14 December, 2010

About VO, Part 2

You may remember that, a few weeks ago, I started a series a posts about VO's history. This is the second post; part one can be found here.

Before long we'd outgrown our first garage-sized space and found a storefront on West Street in Annapolis, which is essentially main street. The space was cheap because the building's owner planned to tear it down and redevelop (three years later, it's still for lease and still not razed). We signed renewable 90-day lease and I spent a week repainting and buying furniture. (A few more photos of the new space can be found here.) Since this was in the midst of a major commercial real estate slump, I guessed that it would be many years before the building was replaced and I was overjoyed at the dirt-cheap rent. What I didn't plan on was VO's outgrowing the space in 10 months and having to take more space next door. Then, 8 months later, we outgrew the combined space.

Now that we had a retail showroom, we opened accounts with several domestic distributors. This allowed us to offer many products that we could not import directly.

We soon had two more employees - Heidi, who ran the shipping and packing end of it, and Tom who sourced products and also started to develop a wholesale company. Tom had loads of experience in the bike industry and in sourcing parts overseas. He knew which factories had the best quality, knew many of the owners, and had a relationship with a superb trading company in Taiwan. Now I could concentrate on envisioning and designing things, and Tom would take care of having them made.

We also decided to offer semi-custom frames and found two excellent builders to make them. The rando frame was a huge success and we soon had a two-to-three year waiting list. Unfortunately, our rando frame builder promptly declared bankruptcy and left us to refund many thousands of dollars of frame deposits he'd held. The city bike frames did not sell as well.  I eventually decided that custom, even semi-custom, frames were simply not worth the trouble. The frames were perpetually late, customers wanted to change specs at the last minute, and I was spending far too much time on each order. Despite all this, the frames were generally brilliant; they were beautiful, rode like a dream, and those who got them loved them.

I realized that in the amount of time it took to have a few custom frames made, we could design and produce hundreds of production frames that were based on our successful custom designs. The production frame project had a steep learning curve, but eventually we managed to have three frames produced: the Rando, the Polyvalent, and the Mixte.

Anther successful project was having fenders made. At the time the only high quality metal fenders available in the US were the Japanese Honjo fenders. These were almost exact copies of French fenders and very nicely made, but expensive. The heavier stainless steel French Canyon fenders, marketed under the Berthoud brand, had temporarily gone out of production. So it seemed an opportune time to introduce VO fenders. Their success emboldened us to move forward on other projects - more racks, brakes, stems, handlebars, bottle cages...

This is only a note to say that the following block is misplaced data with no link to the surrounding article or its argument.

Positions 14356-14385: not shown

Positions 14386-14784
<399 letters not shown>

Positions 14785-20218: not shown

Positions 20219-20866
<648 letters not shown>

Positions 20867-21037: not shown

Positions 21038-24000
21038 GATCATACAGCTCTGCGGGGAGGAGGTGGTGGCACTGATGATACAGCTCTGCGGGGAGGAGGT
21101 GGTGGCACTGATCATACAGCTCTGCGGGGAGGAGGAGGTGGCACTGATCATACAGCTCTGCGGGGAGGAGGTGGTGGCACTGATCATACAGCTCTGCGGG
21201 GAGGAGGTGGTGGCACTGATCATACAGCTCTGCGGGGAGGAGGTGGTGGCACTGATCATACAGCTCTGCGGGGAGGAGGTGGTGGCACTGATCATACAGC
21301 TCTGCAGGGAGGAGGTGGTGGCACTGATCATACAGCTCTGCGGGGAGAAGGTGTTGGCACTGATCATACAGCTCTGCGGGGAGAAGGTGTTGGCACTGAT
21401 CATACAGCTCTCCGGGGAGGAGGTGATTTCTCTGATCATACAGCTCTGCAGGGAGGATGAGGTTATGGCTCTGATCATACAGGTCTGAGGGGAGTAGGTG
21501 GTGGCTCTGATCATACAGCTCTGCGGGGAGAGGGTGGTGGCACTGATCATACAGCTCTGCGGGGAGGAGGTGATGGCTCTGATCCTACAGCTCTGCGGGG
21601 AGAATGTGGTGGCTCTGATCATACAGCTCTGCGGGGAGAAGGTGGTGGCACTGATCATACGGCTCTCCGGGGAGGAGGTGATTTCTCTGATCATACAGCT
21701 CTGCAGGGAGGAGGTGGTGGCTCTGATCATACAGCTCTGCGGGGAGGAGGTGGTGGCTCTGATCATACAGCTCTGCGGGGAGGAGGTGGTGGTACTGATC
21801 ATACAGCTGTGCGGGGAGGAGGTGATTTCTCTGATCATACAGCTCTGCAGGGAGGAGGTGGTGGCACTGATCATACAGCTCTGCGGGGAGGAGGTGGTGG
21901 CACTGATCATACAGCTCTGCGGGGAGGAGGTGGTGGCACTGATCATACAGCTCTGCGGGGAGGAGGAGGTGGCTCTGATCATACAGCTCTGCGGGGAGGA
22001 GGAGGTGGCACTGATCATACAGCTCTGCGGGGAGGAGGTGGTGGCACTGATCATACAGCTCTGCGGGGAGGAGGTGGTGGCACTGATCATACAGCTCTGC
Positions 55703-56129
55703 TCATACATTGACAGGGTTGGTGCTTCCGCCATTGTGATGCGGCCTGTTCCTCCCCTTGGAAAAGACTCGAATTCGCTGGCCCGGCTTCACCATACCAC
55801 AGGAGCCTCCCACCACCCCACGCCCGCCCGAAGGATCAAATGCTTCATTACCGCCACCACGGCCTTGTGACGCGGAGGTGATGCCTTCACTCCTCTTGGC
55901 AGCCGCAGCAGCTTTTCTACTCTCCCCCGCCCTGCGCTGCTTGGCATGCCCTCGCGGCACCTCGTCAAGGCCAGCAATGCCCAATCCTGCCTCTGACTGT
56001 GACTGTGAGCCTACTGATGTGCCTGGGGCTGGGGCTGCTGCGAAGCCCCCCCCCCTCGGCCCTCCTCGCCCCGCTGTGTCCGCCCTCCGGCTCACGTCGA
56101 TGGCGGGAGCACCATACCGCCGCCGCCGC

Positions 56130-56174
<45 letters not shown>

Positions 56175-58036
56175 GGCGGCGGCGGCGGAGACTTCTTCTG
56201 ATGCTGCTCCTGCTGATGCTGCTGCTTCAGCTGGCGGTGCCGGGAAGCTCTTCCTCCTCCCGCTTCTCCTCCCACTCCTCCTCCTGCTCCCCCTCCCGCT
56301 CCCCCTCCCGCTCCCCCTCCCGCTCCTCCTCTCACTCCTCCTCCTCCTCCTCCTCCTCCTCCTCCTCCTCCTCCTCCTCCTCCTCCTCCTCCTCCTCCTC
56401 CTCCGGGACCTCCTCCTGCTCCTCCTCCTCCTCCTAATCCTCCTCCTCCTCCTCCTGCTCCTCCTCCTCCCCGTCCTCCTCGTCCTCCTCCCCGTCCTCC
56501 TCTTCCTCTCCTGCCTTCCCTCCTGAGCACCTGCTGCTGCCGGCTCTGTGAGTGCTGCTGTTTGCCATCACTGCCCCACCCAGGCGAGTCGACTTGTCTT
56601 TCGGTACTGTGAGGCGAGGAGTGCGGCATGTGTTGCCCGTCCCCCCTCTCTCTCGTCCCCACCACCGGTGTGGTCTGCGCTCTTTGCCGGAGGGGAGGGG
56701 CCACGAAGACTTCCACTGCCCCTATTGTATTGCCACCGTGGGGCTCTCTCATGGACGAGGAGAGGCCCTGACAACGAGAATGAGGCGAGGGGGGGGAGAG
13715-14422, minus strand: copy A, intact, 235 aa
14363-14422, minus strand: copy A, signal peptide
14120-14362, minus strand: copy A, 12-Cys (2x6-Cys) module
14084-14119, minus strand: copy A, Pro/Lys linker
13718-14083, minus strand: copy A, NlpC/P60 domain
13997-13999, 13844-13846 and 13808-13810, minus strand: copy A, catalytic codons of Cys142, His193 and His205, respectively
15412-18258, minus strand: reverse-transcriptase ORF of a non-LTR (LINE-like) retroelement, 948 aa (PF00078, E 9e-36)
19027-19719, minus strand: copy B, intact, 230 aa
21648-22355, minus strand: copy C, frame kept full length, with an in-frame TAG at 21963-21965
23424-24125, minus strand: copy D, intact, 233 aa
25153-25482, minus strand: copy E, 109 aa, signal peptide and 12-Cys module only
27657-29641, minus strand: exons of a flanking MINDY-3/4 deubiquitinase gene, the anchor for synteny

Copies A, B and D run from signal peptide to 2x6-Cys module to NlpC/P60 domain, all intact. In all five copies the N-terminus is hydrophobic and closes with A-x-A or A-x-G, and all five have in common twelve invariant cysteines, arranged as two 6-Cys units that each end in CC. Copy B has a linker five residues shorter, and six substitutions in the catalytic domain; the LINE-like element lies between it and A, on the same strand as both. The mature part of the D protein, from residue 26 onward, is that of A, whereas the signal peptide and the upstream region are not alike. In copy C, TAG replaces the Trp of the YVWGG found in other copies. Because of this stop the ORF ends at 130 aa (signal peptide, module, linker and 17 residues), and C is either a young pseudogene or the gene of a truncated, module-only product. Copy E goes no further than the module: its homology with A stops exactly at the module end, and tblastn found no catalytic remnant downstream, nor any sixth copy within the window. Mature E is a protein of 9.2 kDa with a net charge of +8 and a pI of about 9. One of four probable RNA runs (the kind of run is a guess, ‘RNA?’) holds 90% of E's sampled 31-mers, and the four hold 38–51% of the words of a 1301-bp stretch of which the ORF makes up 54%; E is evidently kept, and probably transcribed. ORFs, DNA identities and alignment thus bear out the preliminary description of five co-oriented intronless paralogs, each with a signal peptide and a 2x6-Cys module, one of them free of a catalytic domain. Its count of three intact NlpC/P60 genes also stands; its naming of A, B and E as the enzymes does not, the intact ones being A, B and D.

One of my basic business rules was to try to offer things that were unavailable, or at least difficult to find, elsewhere. We were still selling a lot of new-old-stock items, but our suppliers were running out of the good stuff. And our growth meant that we had to look for stashes of hundreds, not dozens, of NOS parts. When we started going to Asia to visit factories I was surprised to learned that we were getting big enough to have many more of our own components manufactured. The focus of the company changed almost overnight; we went from looking for NOS stuff and being reluctant manufacturers to focusing on designing VO products.

I remember a few factory owners' skeptical looks when asked to make some of our early products. Who would buy roller hangers, or decaleurs, or 650b fenders? What sort of company was this VO? I'm sure our agent had to convince a few factory owners that we knew what we were doing, or could at least pay for our follies.

As the new products arrived we heard from more and more shop owners who wanted to stock them. VO Imports, our new sister company, was growing even faster than Velo Orange. Before long we had hundreds of dealers all over the world. Interestingly, we often sell VO racks and bars made in Japan to Japanese shops and VO components made in Taiwan to customers in Taipei.

In July 2008 we moved again, to two warehouses in the industrial section of Annapolis. Our new space was a few doors down from my former company, Chesapeake Light Craft. We also hired several more employees and suddenly had a staff of 11.

I'll write about the last couple of years in the next installment.


Anonymous said...

During the Great Recession, sells of quality bike frames, parts and accessories continue to climb. A long ignored market is recognized. Good job Chris and Merry Christmas!


Brian said...

I hope this story doe not end with the sale to QBP......

Sammy said...

QBP would not be interested in this stuff.

Anonymous said...

QBP recently started stocking a lot of VO products. They might be interested?

Midwest Bicycle Company said...

That would suck, since I don't have a QBP account. I'd hate for VO to be "Salsa"ed.